Ethernet connected drive increases density and scalability
Toshiba has launched an Ethernet-connected hybrid storage drive that handles object storage. The Key Value Performance drive, combines hard drives and solid state, with an onboard system on a chip (SoC) that makes the drive an independent resource in an object storage network.
The drive, launched at at this week’s OpenStack Summit 2015 in Vancouver, connects directly to the Ethernet infrastructure and runs Linux, to deliver object storage, instead of traditional ways of addressing storage. It builds on the Kinetic storage model announced by Seagate at the previous OpenStack show in Paris.
Forget blocks and files
Plugging into a Seagate Kinetic Open Storage compatible enclosure, the Toshiba Key Value P drive squeezes HDD, SSD, SoC and Ethernet connectivity into a 3.5 in form factor. Using the object storage model (as opposed to traditional block or file storage models), each of the drives is its own node in distributed storage architecture. Adding additional drives increases not only storage capacity but also the processing capabilities of the SoC embedded in each device.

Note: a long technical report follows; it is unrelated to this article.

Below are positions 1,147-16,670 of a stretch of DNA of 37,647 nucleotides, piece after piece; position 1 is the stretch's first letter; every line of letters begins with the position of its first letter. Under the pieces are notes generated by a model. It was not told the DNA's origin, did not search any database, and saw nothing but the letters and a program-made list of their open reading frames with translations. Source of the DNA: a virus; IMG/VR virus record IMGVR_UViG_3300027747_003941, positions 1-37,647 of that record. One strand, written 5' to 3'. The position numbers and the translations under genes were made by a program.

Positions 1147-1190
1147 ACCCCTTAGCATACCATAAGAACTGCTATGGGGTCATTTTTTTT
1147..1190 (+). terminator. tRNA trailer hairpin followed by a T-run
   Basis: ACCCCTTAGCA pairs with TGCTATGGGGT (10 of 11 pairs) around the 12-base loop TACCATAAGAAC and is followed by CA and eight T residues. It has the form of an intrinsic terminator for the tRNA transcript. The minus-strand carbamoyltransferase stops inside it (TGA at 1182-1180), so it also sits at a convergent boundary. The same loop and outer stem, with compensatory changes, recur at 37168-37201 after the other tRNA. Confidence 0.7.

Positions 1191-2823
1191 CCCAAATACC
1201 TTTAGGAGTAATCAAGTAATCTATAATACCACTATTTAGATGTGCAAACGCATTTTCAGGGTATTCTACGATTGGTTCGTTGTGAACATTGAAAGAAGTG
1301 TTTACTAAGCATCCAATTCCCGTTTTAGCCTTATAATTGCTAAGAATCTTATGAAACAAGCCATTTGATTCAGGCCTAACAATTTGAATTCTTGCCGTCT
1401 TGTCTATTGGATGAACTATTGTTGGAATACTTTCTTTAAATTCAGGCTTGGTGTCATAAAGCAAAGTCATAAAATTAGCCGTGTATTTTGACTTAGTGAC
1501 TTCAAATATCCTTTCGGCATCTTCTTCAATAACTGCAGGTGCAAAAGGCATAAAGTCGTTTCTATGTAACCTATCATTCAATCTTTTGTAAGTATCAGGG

Toshiba claims that the advantages of the Key Value Drive are manifold, from cost benefits found in elimination of the traditional storage management server, to advantages gained by not requiring different storage devices for different purposes. As the devices become more common, future benefits could include applications written specifically to take advantage of server offload or direct optimization of applications using the Linux OS running on the individual drive’s SoC.
By making use of the Open Kinetic interface Toshiba adds credibility to the interface as a standard for this class of drive, as well as being able to take advantage of the existing Open Kinetic hardware and APIs. Details on the Key Value drive can be found in a Toshiba whitepaper, and a selection of white papers and technology explainers that layout Toshiba’s approach to the object storage market can be found here.